When I was working to stop actions that hurt my partner, my counselor helped me see patterns that indicated possible causes. I noticed I felt disappointment, frustration, rejection, loss, or failure before those incidents. The insight I gained was that I needed to learn how to deal with disappointment better.
Disappointment can come in many forms. I was frustrated when my wife didn’t agree with me. I felt rejected or a sense of loss when she chose to spend time apart. I believed I was a failure when my shortcomings were pointed out. All of these are a version of disappointment.
The problem is trying to avoid painful emotions
I didn’t like these feelings—no one does. By digging deeper, I determined I was trying to stop myself from feeling those negative emotions. I was trying to protect myself from feeling hurt.
The trouble was, protecting myself meant I would try to control what others, especially my partner, did or said. I would tell her what to do or argue with something she said. If that didn’t change her actions, get her to agree, or elicit an apology; I’d escalate my efforts by using intimidation or even violence.
How we respond to these powerful emotions is a critical question for those of us who have hurt our partners and are working to change. Expecting others to soothe our feelings, and escalating into verbal or physical attacks when they don’t, shows poor emotional control. By the way, a lack of emotional control is very common for those of us who have battered or abused our partners.
A lack of emotional control is very common for those of us who have abused our partners.
Obviously, what I was doing was not how to deal with disappointment in a constructive way. My response damaged my relationship with my wife and got me into trouble with the law. My actions not only hurt her, but they were hurting me.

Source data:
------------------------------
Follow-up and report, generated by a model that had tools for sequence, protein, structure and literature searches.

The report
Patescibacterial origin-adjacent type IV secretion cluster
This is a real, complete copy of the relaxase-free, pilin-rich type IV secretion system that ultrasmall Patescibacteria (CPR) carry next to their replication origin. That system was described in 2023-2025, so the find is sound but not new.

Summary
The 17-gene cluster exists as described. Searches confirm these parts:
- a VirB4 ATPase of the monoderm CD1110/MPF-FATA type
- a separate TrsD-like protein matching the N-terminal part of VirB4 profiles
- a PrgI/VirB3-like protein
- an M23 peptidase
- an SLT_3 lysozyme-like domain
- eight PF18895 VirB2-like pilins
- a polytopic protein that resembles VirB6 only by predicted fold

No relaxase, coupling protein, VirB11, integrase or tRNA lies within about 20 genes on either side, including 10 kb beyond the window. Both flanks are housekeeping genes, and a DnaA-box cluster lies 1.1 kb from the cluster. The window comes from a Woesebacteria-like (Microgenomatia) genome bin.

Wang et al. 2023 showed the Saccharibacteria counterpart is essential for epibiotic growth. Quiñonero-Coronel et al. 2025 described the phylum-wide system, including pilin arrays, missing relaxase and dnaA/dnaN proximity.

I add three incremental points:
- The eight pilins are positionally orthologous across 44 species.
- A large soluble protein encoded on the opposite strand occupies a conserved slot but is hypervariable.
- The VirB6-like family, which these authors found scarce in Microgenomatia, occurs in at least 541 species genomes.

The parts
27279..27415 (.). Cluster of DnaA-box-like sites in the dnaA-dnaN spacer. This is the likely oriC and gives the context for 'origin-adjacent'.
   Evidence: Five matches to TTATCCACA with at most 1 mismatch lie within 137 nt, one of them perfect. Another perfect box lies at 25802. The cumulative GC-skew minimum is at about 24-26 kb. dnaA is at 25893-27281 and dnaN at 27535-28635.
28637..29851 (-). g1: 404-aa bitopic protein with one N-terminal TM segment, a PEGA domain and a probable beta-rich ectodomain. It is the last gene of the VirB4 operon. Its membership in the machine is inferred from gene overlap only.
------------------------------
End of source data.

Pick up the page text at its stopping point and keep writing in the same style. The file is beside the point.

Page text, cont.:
How to deal with disappointment more effectively
Bad stuff happens. All of us will find ourselves forced to handle a variety setbacks and letdowns. That’s just a fact of life. What do others who have good emotional control do when the inevitable misfortunes come along, I wondered? Here’s what I learned.
We have two choices when circumstances are not what we want them to be—try to change them, or accept them. The first alternative means we have to make a rational decision about what we can and can’t change. When we lack emotional control, our feelings overwhelm us and we simply act to stop the pain rather than accepting them.
When we lack emotional control, our feelings overwhelm us and we simply act to stop the pain.
Changing our circumstances is a good strategy when it is within our power to do so. If I’m cold, I can put on a jacket; if I’m unemployed, I can apply for a job. These things are within my power to change, or at least influence, because they only involve me.
Where we really get into trouble is when we try to control our circumstances by controlling others. It’s fine to ask for their cooperation. We can request that they turn up the thermostat, offer us a job, or act in whatever way we would prefer. It is, however, still up to them as to whether they choose to go along with what we ask.
Trying to preside over another’s thoughts, opinions, or actions against their will is something none of us have a right to do. This is especially true if we use anger, intimidation, put-downs, threats, punishment, or making them feel “crazy”. To use a sports analogy, those are fouls so grievous that they will get us removed from the game.
Acceptance as a strategy
If it is not possible for us to change our situation, the other choice is to accept the disappointment. When we’ve done all we can do within our own power to manage our circumstances, then we’re done. Sometimes, things still won’t be the way we wanted them to be.
That’s when acceptance becomes a very useful tool. I wrote more about using acceptance therapy strategies for how to deal with disappointment in this blog. Bottom line, acceptance is not struggling with frustrations so much that we make them worse, and getting on with our lives at the same time.
There are ways to ease the pain of disappointment, frustration, rejection, loss, or failure that does not involve changing our circumstances or other people. Learning alternatives of how to deal with disappointment gets us closer to enjoying a good life, even if it is not perfect.
Learning alternatives of how to deal with disappointment gets us closer to enjoying a good life, even if it is not perfect.
What’s a situation that you have faced that was disappointing? Were you able change the situation, or did you find a way to accept it? How did you strategy work? We’d love to hear your story in the comments section.